Always Buy in Bulk: The Batch TGA Process

By far, the best thing about being in lab everyday, all day is the sense of continuity. During the school year, I log about four hours a week and on rare occasions, a little extra. I’m finding out that’s not enough to get the true sense of continuity of the lab. Seeing projects and long procedures go from beginning to finish.


This week, one project I’ve been able to see go from beginning to end, to second incarnation is the Batch TGA. TGA stands for Thermogravimetric Analysis. For Dr. Kranbuehl’s lab, its a process that helps us measure mass loss of a sample and the plasticizer content of a sample. Of course, the ISC has a fancy machine that gives minute-by-minute data on the changes the sample is undergoing. The process is, however, slow and inefficient when you need to run…let’s say…fifty-six or so…samples. So the answer is the Batch TGA. Same thing, same idea, just doing it in bulk.


Our Batch TGA is a procedure that tests for two data points to be entered in our database for each sample. They are:

  • The % Change in Water

  • The % Change in Plasticizer


The process for running a Batch TGA, which I am about to become well acquainted with for a second time, is the following.


1) Make your spreadsheet. You can run 56 samples for each Batch TGA. Each Batch TGA pan has a number on the bottom, from 1 to 56. The first step in the spreadsheet is to match which sample is going into which pan. Print out your spreadsheet.


Now bask in the organization!


2) Now its time to mass all the pans, and the mass of the pan and the sample together. This is the part that consists of a mind numbingly tedious task. The challenge is to keep all the little pans in order, cut up enough sample, record all this data into a spreadsheet that you’ve been looking at long enough to make your head spin, and not drop any little tiny bits of sample. It almost seems impossible. Luckily, it’s not.



3) Now the tray of pans and samples goes into a 105 C oven for an hour. Wait.


4) Remove tray from the oven. Weigh all fifty-six pans again. They’ll weigh less this time – this data point is going to become key to calculating percent change in water.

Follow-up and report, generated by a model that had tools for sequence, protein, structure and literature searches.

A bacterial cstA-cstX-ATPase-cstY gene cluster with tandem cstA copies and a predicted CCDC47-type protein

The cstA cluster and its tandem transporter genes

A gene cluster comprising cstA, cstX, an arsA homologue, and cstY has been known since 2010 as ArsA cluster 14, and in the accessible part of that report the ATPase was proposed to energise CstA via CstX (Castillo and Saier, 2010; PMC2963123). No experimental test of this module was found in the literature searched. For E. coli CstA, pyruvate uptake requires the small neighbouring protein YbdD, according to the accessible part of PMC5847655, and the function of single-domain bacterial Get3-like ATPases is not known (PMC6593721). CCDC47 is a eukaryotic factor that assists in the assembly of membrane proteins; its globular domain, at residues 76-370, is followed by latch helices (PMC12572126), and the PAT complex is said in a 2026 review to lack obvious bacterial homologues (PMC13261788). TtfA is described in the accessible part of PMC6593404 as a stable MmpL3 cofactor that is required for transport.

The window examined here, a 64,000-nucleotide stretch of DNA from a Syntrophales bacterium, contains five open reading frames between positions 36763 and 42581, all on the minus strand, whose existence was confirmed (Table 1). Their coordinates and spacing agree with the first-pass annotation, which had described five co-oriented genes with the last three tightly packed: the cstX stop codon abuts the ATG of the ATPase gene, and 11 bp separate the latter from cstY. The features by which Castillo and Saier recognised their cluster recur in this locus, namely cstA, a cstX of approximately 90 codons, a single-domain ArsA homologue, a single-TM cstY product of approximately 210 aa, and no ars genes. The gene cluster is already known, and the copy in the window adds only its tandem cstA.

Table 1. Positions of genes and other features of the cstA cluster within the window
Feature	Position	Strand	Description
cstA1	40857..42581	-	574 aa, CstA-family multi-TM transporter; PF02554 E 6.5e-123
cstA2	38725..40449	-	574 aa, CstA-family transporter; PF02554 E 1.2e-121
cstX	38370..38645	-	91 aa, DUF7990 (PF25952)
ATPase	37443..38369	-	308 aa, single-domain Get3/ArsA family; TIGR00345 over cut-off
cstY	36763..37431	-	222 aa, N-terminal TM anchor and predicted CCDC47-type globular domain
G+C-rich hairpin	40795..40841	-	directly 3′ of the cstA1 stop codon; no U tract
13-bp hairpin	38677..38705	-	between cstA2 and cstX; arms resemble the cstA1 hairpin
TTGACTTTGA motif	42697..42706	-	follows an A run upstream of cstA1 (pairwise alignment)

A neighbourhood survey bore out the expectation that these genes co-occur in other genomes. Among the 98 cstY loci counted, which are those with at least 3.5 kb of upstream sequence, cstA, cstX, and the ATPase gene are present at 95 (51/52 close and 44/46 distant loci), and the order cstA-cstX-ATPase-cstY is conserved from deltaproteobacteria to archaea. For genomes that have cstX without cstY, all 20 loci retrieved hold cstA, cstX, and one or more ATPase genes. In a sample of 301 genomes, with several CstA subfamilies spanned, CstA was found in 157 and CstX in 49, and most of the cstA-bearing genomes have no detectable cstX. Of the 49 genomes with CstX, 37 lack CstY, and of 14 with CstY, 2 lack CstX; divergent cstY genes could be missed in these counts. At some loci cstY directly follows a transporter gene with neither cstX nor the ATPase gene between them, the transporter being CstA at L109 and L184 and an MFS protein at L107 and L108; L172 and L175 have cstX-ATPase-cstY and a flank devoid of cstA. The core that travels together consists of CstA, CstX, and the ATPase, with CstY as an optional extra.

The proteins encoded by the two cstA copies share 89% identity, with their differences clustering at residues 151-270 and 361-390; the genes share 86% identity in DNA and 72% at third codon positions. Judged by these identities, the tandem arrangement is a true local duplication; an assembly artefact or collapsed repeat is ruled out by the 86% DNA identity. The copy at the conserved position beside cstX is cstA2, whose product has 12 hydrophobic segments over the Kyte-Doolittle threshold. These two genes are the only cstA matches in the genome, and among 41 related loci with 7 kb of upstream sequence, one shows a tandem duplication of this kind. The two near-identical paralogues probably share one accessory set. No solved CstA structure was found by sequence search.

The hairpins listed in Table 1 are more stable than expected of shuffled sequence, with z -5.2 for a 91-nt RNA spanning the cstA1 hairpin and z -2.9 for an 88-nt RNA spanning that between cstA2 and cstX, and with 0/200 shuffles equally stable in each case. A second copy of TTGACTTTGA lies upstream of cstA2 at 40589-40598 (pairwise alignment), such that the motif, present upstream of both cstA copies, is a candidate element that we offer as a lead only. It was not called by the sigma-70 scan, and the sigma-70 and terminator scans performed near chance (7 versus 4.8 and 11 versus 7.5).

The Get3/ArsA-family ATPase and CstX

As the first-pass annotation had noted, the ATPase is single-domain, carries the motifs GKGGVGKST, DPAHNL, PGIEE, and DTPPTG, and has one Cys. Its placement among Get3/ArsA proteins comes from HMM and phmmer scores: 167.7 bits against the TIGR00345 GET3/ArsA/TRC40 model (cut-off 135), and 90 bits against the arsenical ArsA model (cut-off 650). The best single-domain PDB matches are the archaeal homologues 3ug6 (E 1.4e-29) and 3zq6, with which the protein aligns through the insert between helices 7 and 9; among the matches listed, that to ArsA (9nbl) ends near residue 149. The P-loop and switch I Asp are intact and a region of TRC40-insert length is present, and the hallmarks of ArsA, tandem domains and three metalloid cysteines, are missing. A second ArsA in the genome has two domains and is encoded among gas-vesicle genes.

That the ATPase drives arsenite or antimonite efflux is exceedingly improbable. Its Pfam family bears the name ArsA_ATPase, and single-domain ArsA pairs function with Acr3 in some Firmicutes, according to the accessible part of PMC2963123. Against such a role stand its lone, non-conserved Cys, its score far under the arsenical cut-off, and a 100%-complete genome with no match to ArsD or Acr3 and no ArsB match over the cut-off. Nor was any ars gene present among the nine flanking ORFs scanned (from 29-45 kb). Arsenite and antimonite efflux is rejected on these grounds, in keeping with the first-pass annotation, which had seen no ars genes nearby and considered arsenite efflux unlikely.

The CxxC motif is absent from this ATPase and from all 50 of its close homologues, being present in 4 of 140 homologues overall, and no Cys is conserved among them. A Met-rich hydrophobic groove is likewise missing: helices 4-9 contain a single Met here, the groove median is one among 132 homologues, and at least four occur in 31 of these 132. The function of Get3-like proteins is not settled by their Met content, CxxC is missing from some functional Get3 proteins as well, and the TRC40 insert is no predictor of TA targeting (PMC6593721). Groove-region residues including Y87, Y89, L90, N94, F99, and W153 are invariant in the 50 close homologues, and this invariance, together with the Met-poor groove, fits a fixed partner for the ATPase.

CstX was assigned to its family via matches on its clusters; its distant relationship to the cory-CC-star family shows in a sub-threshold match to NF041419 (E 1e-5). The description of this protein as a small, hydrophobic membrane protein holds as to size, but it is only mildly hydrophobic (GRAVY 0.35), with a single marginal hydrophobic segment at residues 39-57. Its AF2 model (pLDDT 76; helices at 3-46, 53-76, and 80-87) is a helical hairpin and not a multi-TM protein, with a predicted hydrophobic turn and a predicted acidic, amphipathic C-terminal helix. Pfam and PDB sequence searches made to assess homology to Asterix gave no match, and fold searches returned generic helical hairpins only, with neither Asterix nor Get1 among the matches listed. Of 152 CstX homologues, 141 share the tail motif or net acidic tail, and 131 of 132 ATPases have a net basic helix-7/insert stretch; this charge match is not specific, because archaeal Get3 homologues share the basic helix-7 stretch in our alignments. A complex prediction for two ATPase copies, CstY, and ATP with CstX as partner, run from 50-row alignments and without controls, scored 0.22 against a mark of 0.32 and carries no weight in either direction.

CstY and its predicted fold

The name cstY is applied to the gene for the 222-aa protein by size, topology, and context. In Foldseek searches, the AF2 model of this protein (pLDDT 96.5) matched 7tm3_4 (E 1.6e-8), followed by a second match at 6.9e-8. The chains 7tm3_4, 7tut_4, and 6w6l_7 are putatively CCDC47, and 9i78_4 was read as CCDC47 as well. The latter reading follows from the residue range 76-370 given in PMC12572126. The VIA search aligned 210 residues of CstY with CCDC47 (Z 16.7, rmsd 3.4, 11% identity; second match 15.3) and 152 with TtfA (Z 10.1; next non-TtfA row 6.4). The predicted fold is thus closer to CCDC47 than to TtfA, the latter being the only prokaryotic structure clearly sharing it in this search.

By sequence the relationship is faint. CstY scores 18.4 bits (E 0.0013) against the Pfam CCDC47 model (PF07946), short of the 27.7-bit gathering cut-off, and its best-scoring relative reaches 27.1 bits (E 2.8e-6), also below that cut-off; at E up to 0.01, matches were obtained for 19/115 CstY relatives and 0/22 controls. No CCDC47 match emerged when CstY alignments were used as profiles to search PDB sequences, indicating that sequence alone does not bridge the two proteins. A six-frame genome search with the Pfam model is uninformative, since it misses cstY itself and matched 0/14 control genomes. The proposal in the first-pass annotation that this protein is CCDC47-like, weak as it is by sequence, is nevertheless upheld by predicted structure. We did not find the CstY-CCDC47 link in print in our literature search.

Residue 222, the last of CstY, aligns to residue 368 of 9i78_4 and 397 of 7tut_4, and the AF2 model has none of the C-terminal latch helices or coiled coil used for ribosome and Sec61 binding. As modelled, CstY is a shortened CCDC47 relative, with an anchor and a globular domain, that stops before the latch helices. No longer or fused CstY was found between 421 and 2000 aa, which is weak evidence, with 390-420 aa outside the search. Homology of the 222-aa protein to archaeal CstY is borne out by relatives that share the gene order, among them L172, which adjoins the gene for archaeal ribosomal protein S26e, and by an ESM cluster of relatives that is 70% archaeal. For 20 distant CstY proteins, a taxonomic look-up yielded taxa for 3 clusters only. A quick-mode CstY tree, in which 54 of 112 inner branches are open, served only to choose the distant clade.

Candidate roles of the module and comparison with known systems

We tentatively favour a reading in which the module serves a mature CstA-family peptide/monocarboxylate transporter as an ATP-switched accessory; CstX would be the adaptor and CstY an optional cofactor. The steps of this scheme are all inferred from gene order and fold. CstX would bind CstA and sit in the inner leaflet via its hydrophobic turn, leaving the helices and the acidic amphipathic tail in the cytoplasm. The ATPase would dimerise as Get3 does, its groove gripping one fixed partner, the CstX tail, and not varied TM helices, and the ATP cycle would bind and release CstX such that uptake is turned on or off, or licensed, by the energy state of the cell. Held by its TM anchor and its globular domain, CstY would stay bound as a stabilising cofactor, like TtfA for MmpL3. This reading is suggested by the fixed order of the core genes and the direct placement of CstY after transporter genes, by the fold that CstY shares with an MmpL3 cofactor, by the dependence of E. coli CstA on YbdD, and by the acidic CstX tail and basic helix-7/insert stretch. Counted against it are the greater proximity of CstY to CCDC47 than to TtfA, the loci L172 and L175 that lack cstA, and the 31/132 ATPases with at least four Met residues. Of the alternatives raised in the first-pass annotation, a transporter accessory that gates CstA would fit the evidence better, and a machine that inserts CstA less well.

5) The tray of pans and samples now move into a 240 C oven for a half hour. Wait, again.


6) Remove the tray from the oven. Weigh all fifty-six pans again, again. They’ll weigh even less this time – this last data point is the key to calculating the percent change in plasticizer. At this point, all the little sample bits will look a bit melted. Here’s a picture of a set of used pans:



Look at all those little bits of polymer!


7) Assuming you’ve recorded all the data, this is the time for CELEBRATION. Celebrate not losing any little pans, celebrate keeping all your pans and samples in order, celebrate the fact that nobody ran into you in the hallway causing you to drop all your samples in a tragic accident. Breathe easy.


8) Stop celebrating – there is work to do!


9) All the data is in a hand written spreadsheet right now. Transfer it to your electronic one which is programmed to give you all your missing columns. Bask in the glory of technology.


10) The Excel spreadsheet calculates the %Change Water and %Change Plasticizer. However, it doesn’t enter it into the database. The database is a complex MatLab program that I can only really think to describe as the “infrastructure of the lab”. This process is a pretty long one, but it is worth it.


11) Generate your tables as PDFs. Admire your data. Try to pretend you won’t have to do another Batch TGA for a while.


And that…is the process of doing a Batch TGA. It’s tedious but efficient. The other good  news is that the last run I worked on, we found some good things. As it turns out, increasing the sample size to 0.05 grams increases our accuracy. Our data looks good, consistent, and knowing it was efficient to run 56 samples at a time as opposed to constantly running one at a time is pretty good to know, too.